Novel AI System Can Predict Seizures with 99.6% Accuracy Up to an Hour Before They Occur

The new method combines electroencephalogram technology and predictive modeling.
Loukia Papadopoulos
The photo credit line may appear like thisposteriori/iStock

Epilepsy is a debilitating disorder that causes havoc for those who suffer from it. Luckily technology has come a long way to helping with the condition creating a night watch to help with the attacks.

RELATED: EPILEPSY WARNING BRACELET FEATURES TECHNOLOGY TO SAVE LIVE

99.6% accuracy

Now, there is a new innovation that offers even more accuracy when seeking to predict seizures at any time of the day, as IEEE Spectrum reports. A novel artificial intelligence system has been found to detect epileptic seizures with 99.6% accuracy up to an hour before they occur.

The new system, developed by Hisham Daoud and Magdy Bayoumi of the University of Louisiana at Lafayette, combines EEG (electroencephalogram) technology and predictive modeling. Previous versions used both those techniques but in a two-step process.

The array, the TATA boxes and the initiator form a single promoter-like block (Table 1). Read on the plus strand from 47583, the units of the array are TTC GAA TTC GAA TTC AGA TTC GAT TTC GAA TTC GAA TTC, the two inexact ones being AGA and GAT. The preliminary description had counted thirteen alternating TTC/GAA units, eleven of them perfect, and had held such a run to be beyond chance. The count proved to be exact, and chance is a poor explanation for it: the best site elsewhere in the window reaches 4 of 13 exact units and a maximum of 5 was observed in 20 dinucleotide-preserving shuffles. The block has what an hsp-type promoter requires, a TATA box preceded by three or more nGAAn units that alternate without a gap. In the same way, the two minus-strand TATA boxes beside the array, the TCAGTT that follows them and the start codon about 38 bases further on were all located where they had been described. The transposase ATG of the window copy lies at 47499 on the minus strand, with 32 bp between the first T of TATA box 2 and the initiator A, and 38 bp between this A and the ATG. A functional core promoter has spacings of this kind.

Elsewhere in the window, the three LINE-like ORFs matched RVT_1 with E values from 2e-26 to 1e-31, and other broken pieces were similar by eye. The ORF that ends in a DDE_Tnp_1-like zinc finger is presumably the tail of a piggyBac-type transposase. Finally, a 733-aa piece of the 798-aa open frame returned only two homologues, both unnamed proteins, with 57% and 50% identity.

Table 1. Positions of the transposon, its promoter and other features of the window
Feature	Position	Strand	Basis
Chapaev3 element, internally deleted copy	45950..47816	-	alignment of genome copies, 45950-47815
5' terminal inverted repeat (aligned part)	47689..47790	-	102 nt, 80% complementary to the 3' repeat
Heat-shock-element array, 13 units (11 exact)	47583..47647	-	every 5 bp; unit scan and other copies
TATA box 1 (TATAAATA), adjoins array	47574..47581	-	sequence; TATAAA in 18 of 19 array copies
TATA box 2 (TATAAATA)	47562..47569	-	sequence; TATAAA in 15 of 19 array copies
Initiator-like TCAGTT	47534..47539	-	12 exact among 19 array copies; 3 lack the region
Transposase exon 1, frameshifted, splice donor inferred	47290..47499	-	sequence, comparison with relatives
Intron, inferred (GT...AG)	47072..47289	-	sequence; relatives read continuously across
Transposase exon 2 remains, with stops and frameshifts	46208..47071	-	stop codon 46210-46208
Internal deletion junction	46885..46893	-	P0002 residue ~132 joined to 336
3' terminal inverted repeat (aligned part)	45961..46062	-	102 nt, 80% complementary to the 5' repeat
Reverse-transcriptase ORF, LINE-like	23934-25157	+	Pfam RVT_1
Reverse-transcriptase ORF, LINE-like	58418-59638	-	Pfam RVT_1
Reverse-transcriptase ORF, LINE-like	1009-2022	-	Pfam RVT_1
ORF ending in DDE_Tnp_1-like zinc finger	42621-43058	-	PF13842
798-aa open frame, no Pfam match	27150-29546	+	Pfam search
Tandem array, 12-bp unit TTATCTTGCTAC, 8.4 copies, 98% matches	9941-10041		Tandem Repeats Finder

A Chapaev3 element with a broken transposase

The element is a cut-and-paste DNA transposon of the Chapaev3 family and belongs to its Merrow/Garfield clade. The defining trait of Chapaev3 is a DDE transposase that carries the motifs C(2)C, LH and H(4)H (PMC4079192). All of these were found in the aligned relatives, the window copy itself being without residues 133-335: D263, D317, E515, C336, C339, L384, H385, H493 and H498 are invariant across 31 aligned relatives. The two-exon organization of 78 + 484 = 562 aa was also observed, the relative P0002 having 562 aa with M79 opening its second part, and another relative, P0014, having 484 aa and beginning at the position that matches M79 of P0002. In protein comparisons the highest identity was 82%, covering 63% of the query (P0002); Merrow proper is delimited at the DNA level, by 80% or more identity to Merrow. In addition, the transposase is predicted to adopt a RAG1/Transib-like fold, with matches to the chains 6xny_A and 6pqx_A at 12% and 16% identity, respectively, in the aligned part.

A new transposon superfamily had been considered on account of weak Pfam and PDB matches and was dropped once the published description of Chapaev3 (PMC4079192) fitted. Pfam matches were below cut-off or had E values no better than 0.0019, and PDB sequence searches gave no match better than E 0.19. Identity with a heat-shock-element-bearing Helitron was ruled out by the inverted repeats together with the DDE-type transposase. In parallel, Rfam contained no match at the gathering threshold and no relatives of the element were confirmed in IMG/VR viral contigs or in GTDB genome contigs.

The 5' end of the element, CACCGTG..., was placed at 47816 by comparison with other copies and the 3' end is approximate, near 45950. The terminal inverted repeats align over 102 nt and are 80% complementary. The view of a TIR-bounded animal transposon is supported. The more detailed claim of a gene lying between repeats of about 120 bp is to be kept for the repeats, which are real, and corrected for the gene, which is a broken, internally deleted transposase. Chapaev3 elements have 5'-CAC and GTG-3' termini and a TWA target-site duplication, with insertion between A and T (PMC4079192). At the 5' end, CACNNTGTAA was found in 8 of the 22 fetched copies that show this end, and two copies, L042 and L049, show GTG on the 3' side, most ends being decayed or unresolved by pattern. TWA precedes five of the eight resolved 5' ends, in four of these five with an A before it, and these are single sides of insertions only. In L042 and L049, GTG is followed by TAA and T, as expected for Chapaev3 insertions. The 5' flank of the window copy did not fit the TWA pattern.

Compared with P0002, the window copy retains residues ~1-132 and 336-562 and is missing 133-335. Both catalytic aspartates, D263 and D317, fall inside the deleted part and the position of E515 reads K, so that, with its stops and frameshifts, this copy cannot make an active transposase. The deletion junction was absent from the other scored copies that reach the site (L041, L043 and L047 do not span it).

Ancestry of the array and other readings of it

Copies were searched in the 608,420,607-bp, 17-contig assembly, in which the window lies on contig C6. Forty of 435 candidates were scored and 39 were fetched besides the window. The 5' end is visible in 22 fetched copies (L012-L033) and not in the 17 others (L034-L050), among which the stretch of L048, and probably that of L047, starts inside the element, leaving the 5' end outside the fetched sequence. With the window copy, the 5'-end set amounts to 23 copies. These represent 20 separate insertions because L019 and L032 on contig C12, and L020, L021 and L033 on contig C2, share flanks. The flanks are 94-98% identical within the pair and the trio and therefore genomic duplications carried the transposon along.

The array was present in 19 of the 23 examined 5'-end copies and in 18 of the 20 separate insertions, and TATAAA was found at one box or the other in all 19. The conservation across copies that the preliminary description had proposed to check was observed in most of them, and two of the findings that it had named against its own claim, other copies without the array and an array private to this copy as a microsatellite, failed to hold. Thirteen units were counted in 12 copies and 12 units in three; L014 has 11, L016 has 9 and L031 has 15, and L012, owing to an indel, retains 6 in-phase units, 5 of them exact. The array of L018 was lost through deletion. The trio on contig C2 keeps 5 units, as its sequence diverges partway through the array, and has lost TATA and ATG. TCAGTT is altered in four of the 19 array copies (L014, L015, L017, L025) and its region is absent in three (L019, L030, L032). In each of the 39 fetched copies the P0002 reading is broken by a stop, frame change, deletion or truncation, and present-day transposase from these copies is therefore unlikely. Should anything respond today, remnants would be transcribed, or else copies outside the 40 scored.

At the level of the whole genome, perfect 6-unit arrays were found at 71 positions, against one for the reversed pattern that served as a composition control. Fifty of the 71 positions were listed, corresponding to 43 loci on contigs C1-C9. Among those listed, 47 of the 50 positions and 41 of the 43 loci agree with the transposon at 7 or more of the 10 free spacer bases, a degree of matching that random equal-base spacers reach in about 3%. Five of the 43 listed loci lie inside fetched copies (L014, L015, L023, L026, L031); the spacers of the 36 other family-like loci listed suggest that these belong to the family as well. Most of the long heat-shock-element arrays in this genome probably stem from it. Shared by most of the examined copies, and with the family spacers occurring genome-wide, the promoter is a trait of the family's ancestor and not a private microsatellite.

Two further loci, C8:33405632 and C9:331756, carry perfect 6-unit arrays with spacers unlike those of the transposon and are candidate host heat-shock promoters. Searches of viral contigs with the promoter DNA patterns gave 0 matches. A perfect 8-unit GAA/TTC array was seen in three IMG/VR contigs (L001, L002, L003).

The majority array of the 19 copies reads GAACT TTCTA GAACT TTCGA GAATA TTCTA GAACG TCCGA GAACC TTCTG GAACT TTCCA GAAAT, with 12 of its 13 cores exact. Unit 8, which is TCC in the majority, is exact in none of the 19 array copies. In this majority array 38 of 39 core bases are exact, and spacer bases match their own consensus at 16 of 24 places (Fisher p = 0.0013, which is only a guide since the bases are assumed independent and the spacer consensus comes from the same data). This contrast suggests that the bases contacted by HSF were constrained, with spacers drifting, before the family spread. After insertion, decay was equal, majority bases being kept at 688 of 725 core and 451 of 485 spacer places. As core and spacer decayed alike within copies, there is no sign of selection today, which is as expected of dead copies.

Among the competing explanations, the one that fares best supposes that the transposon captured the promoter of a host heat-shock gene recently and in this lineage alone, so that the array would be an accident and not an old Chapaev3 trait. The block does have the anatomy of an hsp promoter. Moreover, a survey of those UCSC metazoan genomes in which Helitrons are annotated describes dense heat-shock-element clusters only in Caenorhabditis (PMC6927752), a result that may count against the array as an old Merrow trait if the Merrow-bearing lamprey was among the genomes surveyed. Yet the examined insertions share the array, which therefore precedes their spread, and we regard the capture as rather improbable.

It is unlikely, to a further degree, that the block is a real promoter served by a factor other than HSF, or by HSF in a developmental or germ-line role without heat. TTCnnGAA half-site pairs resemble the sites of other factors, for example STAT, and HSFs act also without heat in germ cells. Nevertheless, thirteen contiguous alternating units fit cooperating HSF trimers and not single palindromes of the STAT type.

By bringing together extraction and classification processes into a single automated system, Daoud and Bayoumi were able to get earlier and more accurate seizure predictions. This is of great help to epileptic patients who can in many cases control seizures through medications.

The researchers tested their system on 22 patients at the Boston Children’s Hospital. They found a 99.6% accuracy rate with 0.004 false alarms per hour.

Trained on individual patients

The system, however, does need to be trained on each individual patient.

“In order to achieve this high accuracy with early prediction time, we need to train the model on each patient,” said Daoud to IEEE Spectrum.“This recording could be [done] off-clinic, through commercially available EEG wearable electrodes.”

Now, Daoud said his team is working on a customized computer chip to process the algorithms.

“We are currently working on the design of an efficient hardware [device] that deploys this algorithm, considering many issues like system size, power consumption, and latency to be suitable for practical application in a comfortable way to the patient,” he added.

The system is described in a study published in IEEE Transactions on Biomedical Circuits and Systems.

 

IELogoIELogo

Subscribe today

For full access to all features
and product updates.

%30 Save Quarterly

$25

$17.97

Quarterly

Subscribe Now
You can cancel anytime.
View Other Options

Already have an account? Log in

0 Comment
Already have an account? Log in